Hello, have enjoyed the series very much. There was one item in the final programme which is incorrect. It concerns a brief mention of the 'landgirls' during the war and showed an even briefer image of a Ferguson TE20 tractor. The implication was that the tractor was used during the war. In fact the first TE 20 did not come off the procuction line at Banner Lane in Coventry until 1946.
    DavidP

  • Comment number 52.

    A totally relevant and accessible way of exploring 'our' history and easy to see why Kibworth was chosen. It would also be interesting to know which other locations around Britain were considered initially.
    Especially poignant for me in the last programme were the descriptions given of a few residents during the Victorian era. The description given of Mrs Coleman was instantly recognisable to me and could easily have been a description of her granddaughter, my great aunt, 60 years later in her own pub, in a similar village, nearly 50 miles away.
    Wayne wondered if we may be related, I suspect we are.

  • Comment number 53.

    I dont think the Angles and Saxons came to England after c450 AD but that there was a continuous movement of people from nw europe into eastern england from the time Doggerland sank so that the people of the two areas are largely one, and spoke roughly the same language. frisian is still the nearest language to English. The reference I can offer is Phillip Oppenheimer, The Origin of the British People (I think). My argument pre-dates my reading of his work, which is based on genetics and difficult. My argument derives from Renfrew's Archaeology and Language and my growing belief that it was impossible for a small number of nw European incomers to destroy the english language in about 150 years. Hence tney didnt; English waspre-Roman, Roman and post-Roman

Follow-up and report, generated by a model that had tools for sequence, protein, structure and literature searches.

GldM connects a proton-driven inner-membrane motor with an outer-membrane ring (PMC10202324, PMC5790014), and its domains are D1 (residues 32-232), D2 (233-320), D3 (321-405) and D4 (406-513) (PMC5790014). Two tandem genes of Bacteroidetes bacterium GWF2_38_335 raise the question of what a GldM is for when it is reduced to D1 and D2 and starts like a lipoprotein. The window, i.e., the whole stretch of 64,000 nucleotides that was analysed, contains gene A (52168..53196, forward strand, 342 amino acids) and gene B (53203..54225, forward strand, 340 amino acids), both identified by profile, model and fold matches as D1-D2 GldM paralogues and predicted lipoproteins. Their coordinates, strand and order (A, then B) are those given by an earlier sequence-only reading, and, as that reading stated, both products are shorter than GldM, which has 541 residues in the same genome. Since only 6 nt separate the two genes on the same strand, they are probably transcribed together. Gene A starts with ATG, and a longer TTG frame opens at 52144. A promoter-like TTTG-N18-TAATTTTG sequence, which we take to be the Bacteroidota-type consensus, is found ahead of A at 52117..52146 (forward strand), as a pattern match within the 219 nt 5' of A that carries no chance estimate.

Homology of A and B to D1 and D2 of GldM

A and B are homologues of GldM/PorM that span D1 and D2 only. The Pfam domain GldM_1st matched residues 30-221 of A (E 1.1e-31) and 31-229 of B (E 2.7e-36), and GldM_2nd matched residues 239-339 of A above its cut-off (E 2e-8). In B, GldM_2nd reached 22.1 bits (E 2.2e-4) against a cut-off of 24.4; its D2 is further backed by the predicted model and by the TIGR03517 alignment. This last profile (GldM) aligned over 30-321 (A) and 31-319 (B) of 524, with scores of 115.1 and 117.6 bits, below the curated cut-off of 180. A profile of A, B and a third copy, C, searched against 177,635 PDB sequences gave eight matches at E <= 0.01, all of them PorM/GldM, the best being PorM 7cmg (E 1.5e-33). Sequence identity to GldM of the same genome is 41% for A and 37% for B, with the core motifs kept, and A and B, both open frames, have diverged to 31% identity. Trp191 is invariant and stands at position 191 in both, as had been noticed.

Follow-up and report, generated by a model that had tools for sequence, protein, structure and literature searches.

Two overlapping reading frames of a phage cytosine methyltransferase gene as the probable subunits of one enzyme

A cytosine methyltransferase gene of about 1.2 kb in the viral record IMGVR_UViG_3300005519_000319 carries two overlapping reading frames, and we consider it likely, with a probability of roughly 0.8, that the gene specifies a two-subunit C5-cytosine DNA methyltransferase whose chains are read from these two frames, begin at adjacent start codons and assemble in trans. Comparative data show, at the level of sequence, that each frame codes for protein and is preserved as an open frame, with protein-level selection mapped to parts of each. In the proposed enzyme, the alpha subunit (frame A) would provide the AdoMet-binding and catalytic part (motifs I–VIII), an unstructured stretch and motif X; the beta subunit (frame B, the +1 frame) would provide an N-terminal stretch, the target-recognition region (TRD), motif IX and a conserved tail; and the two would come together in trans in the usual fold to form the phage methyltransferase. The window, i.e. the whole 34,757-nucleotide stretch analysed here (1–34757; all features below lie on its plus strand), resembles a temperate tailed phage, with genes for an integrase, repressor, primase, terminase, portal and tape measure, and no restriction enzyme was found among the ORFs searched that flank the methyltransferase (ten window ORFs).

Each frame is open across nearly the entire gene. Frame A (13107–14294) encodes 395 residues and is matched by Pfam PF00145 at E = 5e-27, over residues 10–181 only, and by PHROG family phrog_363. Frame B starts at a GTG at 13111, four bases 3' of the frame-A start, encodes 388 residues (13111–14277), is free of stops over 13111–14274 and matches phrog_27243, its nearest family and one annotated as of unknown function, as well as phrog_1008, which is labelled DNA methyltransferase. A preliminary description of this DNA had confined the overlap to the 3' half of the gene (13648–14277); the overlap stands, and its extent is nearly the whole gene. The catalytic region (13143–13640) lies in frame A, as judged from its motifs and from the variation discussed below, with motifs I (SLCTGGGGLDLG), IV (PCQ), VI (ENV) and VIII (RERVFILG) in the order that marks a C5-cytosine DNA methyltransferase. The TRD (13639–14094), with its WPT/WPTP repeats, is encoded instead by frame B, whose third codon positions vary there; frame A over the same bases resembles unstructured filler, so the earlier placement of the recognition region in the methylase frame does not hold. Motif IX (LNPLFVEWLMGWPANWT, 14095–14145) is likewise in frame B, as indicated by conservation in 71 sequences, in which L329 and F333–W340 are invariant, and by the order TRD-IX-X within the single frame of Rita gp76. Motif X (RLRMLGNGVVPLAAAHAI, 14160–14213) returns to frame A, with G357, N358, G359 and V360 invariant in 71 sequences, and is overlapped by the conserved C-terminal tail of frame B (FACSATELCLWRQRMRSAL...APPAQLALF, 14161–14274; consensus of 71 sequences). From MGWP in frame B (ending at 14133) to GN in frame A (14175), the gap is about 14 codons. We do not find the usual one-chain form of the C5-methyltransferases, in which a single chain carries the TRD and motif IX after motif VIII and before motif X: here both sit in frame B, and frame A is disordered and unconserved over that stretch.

richard

  • Comment number 54.

    With reference to last nights Story of England. 8min 5sec into the programme Prof Chris Dyer refered to an amount recorded as to the value of 2 chairs and a cupboard as 3 shillings adding the comment "They were not big spenders on furniture." Surely 3 bob was a considerable sum of money then. Later reference was made by the prof to a dowry of 20 shillings giving further weight to my assertion that 3 bob was a very significant sum of money.

  • Comment number 55.

    What a wonderful way of recounting our peoples history, I have so enjoyed The Story of England, the methodology of the programme is such good History. Well done! Every episode has made me think wow thats us.

  • Comment number 56.

    Well Done BBC and Michael Woods....I've really enjoyed this series,although missed one episode as it was not on BBc 2 every week. Hope the whole programme will be repeated soon and that it will come out on DVD.I'm sure the people of Kibworth must have gained so much from taking part. What a good idea Michael ....such an interesting way to tell the history of England.